The eardrum is required for hearing because it detects sound waves and communicates the vibrations to the brain, but in addition it acts as a shield to seal the inner ear and keep it clear of infection. When your eardrum is fully intact, your inner ear is basically a protected and sterile place; but if it has been torn or perforated, microbes may enter and spark a major infection called otitis media.

The phrases perforated eardrum and ruptured eardrum have the same meaning. They both describe a condition whose medical name is a tympanic membrane perforation where there is a tear or puncture in the thin membrane we know as the eardrum. There are numerous ways that an eardrum may become ruptured, the commonest of which is an ear infection where the buildup of fluid pushes against the eardrum until it tears. Another common cause of punctured eardrums are foreign objects introduced into the ears. For instance, you can puncture your own eardrum with a Q-tip. Another common cause is barotrauma – the situation that occurs when the barometric pressure outside the ear is very different from the pressure inside the ear – which may occur on airplanes or in scuba. Head injuries or acoustic trauma (such as exposure to sudden explosions) may also puncture the eardrum.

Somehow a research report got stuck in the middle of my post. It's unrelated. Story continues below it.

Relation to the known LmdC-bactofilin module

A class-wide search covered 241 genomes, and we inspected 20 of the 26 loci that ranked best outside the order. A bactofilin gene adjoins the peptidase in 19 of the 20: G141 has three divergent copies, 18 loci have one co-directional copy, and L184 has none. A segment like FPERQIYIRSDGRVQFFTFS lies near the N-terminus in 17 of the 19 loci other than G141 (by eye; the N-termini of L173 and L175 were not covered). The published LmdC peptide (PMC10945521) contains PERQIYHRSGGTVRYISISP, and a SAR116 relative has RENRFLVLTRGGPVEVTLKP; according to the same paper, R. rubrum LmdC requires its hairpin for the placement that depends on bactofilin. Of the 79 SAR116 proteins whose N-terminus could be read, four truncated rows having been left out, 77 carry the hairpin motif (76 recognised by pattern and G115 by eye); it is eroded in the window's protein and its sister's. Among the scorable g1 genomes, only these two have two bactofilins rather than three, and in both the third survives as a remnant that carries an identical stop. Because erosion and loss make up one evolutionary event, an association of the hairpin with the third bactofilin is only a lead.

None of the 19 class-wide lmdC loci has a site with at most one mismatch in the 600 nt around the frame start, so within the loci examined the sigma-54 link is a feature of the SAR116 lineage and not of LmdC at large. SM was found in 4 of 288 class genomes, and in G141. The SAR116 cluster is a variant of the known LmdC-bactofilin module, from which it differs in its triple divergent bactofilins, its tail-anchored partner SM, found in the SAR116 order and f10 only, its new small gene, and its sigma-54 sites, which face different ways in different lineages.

The symptoms of a ruptured eardrum include ear pain (including persistent ear pain that suddenly stops, fluid draining from the ear, partial or complete hearing loss in the afflicted ear, tinnitus (ringing in the ears), and vertigo or dizziness. If you encounter any of these warning signs, see a hearing health provider, because if the eardrum is ruptured, timely and correct treatment is essential to avoid infection and hearing damage. What you risk by not having these symptoms addressed are major inner ear infections and cysts, and the potential for permanent loss of hearing.

At your appointment the health care provider will look at the eardrum with an instrument called an otoscope. Because of its internal light, the otoscope gives the specialist a clear view of the eardrum. If your eardrum has been ruptured, in most cases it will heal itself within 2 to 3 months, but during this period you should avoid swimming or diving, avoid certain medications, and attempt to avoid blowing your nose (which puts extra pressure on the eardrum). For holes along the edges of the eardrum, the specialist might want to insert a temporary dam or patch which helps prevent infection. In very rare cases, surgery may be suggested.

Your physician may also order over-the-counter pain medications such as ibuprofen or acetaminophen to deal with any discomfort. The main safety measures you can take to prevent this condition are to 1) avoid putting any foreign objects into your ear canal, even to clean them, and 2) deal with ear infections promptly by seeing a specialist.